I’d like to indulge in a little off-topic post on plastic free kitchens and the associated Instagram accounts that use them for publicity and likes.
If you follow any zero waste accounts on Instagram, you’ll probably have seen images like this:
Although usually the shots include a lot more glass containers.
(Photographer unknown. I’ve not credited this picture because I found the photo on Pinterest without a credit, and the original source returns a 404, so I’m not sure who owns it. Happy to correct or remove if anyone knows.)
Plastic free kitchens look marvellous on Instagram when everything is labelled up neatly with an embossed label maker, as you see here.
I’m just wondering how the plastic label maker, with its plastic tape and plastic packaging, earned the honour of appearing in every single f*cking plastic free kitchen photo I ever see.
What is Embossing Tape?
There are lots of different types of embossing tape for different machines, although there’s a brand beginning with D that’s arguably the best known example.
The machines made by the brand beginning with D take hard plastic tape wrapped around a plastic cassette. It comes in a plastic packet.
So how much waste is generated?
There are the labels themselves – hard plastic (unspecified type, I’m still researching it), the backing paper – plastic again, and the shards of hard plastic that come off the roll to help you peel the backing off.
Yes, the creation of little tiny pieces of waste plastic is literally part of the design on some handheld manual embossers.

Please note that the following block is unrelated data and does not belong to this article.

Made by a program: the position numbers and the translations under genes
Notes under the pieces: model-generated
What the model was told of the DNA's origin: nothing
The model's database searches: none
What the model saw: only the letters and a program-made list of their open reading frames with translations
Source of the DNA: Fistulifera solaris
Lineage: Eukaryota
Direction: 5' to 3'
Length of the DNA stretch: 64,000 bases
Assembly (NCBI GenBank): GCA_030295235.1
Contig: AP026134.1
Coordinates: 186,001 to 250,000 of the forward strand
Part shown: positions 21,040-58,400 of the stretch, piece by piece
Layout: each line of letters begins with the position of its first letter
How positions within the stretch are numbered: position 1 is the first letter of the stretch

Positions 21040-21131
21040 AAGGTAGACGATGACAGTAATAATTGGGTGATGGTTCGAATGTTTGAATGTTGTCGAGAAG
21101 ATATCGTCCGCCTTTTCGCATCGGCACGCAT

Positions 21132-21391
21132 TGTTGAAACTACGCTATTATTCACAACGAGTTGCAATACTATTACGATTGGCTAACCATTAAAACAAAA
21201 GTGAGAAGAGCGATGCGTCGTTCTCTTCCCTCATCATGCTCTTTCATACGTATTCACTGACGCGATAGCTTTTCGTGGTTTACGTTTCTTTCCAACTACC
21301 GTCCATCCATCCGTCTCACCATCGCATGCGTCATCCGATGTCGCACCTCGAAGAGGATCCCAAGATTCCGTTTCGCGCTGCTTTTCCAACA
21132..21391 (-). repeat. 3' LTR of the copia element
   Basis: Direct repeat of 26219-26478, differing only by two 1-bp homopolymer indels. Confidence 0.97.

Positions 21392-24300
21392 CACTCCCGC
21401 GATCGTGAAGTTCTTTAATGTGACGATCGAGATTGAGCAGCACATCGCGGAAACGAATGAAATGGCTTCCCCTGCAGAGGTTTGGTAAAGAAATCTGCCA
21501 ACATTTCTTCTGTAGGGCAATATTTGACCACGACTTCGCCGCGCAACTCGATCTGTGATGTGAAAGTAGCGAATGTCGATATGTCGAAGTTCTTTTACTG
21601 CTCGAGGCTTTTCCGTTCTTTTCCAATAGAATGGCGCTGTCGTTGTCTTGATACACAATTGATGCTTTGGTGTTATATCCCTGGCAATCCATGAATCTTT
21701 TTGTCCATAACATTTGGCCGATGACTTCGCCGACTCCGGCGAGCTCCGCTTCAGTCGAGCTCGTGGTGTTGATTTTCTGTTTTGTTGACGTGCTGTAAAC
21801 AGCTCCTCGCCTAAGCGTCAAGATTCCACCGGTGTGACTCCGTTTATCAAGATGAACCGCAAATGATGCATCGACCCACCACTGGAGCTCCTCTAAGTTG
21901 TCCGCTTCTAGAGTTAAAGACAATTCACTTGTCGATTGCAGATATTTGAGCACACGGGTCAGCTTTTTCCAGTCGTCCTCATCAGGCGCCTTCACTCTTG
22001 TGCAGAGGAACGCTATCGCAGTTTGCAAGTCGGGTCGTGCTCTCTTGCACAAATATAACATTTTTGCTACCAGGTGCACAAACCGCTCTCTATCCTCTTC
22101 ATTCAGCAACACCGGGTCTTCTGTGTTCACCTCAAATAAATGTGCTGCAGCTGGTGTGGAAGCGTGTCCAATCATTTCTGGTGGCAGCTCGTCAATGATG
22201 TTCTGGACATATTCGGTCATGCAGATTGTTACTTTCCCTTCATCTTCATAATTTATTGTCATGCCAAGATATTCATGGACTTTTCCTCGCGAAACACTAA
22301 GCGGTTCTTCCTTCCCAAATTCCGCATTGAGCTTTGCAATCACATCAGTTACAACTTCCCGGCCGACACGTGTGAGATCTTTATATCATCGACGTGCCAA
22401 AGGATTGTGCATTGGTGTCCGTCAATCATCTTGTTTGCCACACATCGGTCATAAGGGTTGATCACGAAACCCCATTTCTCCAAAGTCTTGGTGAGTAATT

That’s before you get to the real problem here: labels on jars wash off. So many (most?) of these hard plastic labels will disappear from the supposed plastic-free kitchen and probably disappear down the drain, or get chopped up into tiny fragments when they go through garbage disposal units.
Paper Labels Please!
Recently, I looked around for some paper tape to pack orders. I quickly found some suitable narrow paper tape that has natural adhesive, making it both compostable and recyclable.
To label jars, I just stick a bit of this tape across the jar and write on it.
I’m hardly a homemaking genius, folks, it just seems to me that this is genuinely a plastic free solution.
I would bloody love to have an excuse to use a plastic label maker for this task. I had one when I was younger. Aesthetically, there is nothing that comes close. But how can you justify throwing all of your plastic away, and then labelling your reusable containers with smaller bits of plastic?
This is a niche concern, I admit, but could I appeal to the sensible side of the internet not to use small plastic labels in this way? There are tons of alternatives! Besides, the best course of action is always to reuse the containers you have already — even if they are ugly plastic bottles, and not gleaming glass ones.